Over the past 10 months, these five artists have been looking for safe ways to share their art and interact with their audiences. Baez has exhibited his paintings virtually, for example; Allen gave live dance lessons to a virtual audience of over 35,000 people; and Van Dyke said he was delighted to learn from fan mail that some kids back from school found out about “The Dick Van Dyke Show,” “Mary Poppins” and “Chitty Chitty Bang Bang”. (“I have a whole new fan club!” He said.)

For Midori, 49, a Japanese-born violinist who rose to prominence in the United States after performing with the New York Philharmonic at the age of 11, the pandemic has brought greater appreciation for playing. in front of an audience, in flesh and blood. She gave virtual workshops and master classes during the pandemic.

“It made me realize how precious the moments of being able to do things live are,” she says.

At a time when the country is somewhat of a wasteland for the performing arts, there is a desire that this spring honors program usher in some kind of rebirth.

Allen, 70, has a long history of promoting the arts as a core national interest. After establishing herself as a Broadway performer, being recognized for her roles in “West Side Story” and “Sweet Charity,” then for her choreography “Fame,” Allen was a sort of cultural diplomat under President George W. Bush, traveling abroad to teach and talk about dance.

Allen said that in times of national crisis, she sees the arts as a balm – as well as a space to discuss the pressing issues of the day. (In “Grey’s Anatomy,” in which Allen produces, directs, and stars, Covid-19 is the central plot.)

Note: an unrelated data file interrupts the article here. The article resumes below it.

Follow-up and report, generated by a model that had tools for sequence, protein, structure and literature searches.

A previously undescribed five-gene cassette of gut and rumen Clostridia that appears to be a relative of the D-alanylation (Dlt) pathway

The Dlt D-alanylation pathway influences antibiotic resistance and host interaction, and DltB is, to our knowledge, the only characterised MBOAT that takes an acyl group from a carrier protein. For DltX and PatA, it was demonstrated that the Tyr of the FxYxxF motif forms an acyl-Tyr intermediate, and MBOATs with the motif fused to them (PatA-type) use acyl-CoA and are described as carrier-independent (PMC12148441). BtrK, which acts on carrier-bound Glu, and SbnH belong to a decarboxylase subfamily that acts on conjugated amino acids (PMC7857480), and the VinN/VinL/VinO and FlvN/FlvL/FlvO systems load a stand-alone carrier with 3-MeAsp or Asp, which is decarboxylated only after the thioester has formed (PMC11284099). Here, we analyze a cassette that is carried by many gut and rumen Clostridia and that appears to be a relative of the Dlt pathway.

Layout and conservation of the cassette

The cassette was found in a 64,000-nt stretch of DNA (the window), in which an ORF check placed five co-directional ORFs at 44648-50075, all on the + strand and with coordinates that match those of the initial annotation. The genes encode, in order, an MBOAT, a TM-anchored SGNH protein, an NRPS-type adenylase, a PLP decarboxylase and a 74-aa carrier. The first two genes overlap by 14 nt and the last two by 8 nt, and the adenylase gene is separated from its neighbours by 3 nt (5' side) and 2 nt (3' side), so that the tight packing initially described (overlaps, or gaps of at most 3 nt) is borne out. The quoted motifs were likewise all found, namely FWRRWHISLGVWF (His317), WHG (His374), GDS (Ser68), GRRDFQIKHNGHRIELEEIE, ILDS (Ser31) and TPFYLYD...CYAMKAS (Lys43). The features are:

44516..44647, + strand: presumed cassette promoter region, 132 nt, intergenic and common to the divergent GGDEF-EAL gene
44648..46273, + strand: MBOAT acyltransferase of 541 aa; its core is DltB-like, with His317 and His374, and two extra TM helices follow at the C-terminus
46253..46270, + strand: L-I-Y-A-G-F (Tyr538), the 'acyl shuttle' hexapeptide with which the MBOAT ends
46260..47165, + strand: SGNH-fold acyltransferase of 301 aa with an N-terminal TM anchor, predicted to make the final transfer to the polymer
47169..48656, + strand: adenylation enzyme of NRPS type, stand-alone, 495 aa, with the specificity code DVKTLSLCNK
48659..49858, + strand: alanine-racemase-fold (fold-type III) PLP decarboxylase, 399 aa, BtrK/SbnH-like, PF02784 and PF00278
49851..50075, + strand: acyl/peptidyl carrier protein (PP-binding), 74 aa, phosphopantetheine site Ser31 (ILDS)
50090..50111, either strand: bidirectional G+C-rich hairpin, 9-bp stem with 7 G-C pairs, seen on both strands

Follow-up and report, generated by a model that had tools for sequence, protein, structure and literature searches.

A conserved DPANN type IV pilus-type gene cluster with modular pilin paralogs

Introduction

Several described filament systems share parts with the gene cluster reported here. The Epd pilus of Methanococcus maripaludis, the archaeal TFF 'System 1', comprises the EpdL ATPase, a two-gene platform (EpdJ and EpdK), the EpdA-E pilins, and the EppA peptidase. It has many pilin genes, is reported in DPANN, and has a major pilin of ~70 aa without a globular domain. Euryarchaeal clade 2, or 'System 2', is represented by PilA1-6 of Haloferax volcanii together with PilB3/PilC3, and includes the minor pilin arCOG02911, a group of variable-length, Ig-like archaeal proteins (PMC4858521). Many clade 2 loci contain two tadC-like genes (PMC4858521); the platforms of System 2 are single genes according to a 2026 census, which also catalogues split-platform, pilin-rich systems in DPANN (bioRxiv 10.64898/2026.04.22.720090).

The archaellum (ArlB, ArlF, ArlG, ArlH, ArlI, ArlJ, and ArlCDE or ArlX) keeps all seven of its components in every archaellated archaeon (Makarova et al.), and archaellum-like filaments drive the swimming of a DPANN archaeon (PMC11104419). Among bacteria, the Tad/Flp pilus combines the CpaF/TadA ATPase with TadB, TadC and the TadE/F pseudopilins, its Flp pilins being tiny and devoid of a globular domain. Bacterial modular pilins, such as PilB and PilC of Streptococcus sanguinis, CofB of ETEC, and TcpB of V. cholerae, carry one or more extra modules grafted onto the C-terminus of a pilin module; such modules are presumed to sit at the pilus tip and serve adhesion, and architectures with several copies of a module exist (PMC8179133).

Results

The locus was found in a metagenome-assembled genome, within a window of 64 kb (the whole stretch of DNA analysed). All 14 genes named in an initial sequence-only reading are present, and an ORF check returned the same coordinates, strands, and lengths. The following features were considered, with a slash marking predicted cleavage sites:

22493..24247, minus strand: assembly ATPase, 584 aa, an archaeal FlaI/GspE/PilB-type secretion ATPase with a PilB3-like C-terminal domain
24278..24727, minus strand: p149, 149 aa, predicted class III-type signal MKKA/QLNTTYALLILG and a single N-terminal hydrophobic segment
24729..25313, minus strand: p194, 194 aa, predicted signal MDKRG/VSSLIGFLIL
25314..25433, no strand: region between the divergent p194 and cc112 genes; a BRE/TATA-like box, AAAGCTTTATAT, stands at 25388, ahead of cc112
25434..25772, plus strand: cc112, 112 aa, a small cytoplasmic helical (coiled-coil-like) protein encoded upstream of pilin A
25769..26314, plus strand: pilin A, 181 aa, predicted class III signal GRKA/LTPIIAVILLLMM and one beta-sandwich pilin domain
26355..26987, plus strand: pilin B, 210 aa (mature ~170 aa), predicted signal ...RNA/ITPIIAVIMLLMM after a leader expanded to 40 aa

“As a country, we are all looking for the light because such a storm takes over,” Allen said. “And the arts are always an answer.”

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California governor blocks release of Manson disciple Leslie Van Houten

A disciple of Charles Manson who is serving a life sentence for his role in the gruesome double murder of a Los Angeles couple more than 50 years ago has lost her latest release attempt after the governor of California overturned a parole board decision granting his release.

Convicted murderer Leslie Van Houten was 19 when she and the other members of the so-called Manson family broke into Rosemary and Leno LaBianca’s home and stabbed them dozens of times on August 10, 1969.

The murder of the LaBiancas took place one night after five people were murdered at Benedict Canyon, home of director Roman Polanski – including his pregnant wife, actress Sharon Tate. The bloodshed, carried out under the leadership of Mr. Manson, terrorized Los Angeles and beyond.

Ms Van Houten, 71, qualified in July for release from a state prison, but California law gives the governor the final say on an inmate’s desirability for parole.

And on Friday, Gov. Gavin Newsom, a Democrat, overturned the parole board’s decision, calling Van Houten “danger” in a release review document.

“SP. Van Houten’s explanation of what made her vulnerable to Mr. Manson’s influence remains unsatisfactory,” Mr. Newsom said. “She described herself at the time of her involvement in the Manson family as a ‘very weak person who took advantage of someone who wanted to take control of my life, and I put it back.’ ‘

This is the second time that Mr. Newsom has blocked Ms. Van Houten’s parole and the fourth time that a governor has done so.

Rich Pfeiffer, an attorney for Ms Van Houten, said in an interview on Sunday that he plans to appeal the governor’s decision to Los Angeles Superior Court and that the case would likely end up in an appeals court.

“There is no evidence to support the governor’s overthrow,” Pfeiffer said.